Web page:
The study “Epigallocatechin Gallate from Green Tea Effectively Blocks Infection of SARS-CoV-2 and New Variants by Inhibiting Spike Binding to ACE2 Receptor” is available as a preprint on the bioRxiv* server, while the article undergoes peer review.

Designing the research study

The team created several pseudoviruses that contained S proteins with a single mutation (K417N, E484K, N501Y, D614G) or with full-set mutations of the newly emerged variants (B.1.1.7, B.1.351, and B.1.429). They transfected the pseudoviruses into HEK293T-hACE2 cells. The wild-type S or D614G S was able to cause infection as observed by increased luciferase activity. Although, convalescent plasma of COVID-19 patients was successful in blocking both of these pseudoviruses.

The transfected cells showed little cytotoxicity to green tea beverages, indicating it was safe to use.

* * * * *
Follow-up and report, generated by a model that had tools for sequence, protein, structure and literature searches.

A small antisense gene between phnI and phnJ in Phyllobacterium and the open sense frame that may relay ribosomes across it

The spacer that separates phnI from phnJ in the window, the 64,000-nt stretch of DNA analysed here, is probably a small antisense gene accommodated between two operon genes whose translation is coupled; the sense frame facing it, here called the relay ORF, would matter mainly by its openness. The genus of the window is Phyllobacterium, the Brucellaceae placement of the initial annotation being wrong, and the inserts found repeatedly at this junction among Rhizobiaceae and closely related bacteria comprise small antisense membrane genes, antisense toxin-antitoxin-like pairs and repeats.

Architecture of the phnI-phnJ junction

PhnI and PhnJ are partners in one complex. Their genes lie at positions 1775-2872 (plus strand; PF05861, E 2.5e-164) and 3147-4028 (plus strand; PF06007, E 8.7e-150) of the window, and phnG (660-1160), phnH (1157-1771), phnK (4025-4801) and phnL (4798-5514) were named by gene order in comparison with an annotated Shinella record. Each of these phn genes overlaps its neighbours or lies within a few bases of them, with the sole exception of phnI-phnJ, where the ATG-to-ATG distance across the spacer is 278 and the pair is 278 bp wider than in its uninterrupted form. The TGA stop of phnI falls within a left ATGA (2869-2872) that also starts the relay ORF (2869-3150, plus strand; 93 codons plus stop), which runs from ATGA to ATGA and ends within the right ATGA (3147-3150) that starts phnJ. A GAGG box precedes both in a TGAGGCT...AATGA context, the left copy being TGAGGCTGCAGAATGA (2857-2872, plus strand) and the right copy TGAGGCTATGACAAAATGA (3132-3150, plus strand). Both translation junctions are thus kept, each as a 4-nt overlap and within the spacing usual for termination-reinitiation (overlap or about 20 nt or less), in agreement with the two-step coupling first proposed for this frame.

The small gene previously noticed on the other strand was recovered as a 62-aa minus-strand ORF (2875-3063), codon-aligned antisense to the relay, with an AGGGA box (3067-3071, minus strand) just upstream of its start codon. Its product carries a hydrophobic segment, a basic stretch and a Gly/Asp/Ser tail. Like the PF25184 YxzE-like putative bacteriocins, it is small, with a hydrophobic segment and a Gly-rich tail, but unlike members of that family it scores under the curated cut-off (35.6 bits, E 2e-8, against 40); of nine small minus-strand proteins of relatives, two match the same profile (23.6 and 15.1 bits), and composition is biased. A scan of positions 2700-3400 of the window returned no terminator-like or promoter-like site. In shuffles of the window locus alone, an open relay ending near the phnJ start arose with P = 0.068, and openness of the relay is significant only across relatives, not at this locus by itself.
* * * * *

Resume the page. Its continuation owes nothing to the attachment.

Viral inhibition caused by a green tea beverage

Green tea effectively prevented infection from the wild-type SARS-CoV-2 or D614G and the COVID-19 variants B.1.429 found in California and B.1.351 found in South Africa — in a dose-dependent manner. Researchers also found green tea beverages prevented other coronaviruses' infection as observed when tested against HCoV OC43 in HCT-8 cells.

The researchers next looked to see what was in green tea that was causing these antiviral effects. Catechins — EGCG, EGC, ECG, and EC — were studied because they are green tea’s active ingredients.

The results showed three catechins: EGCG, EGC, and ECG, dose-dependently blocked a pseudovirus infection caused by the wild-type SARS-CoV-2 strain.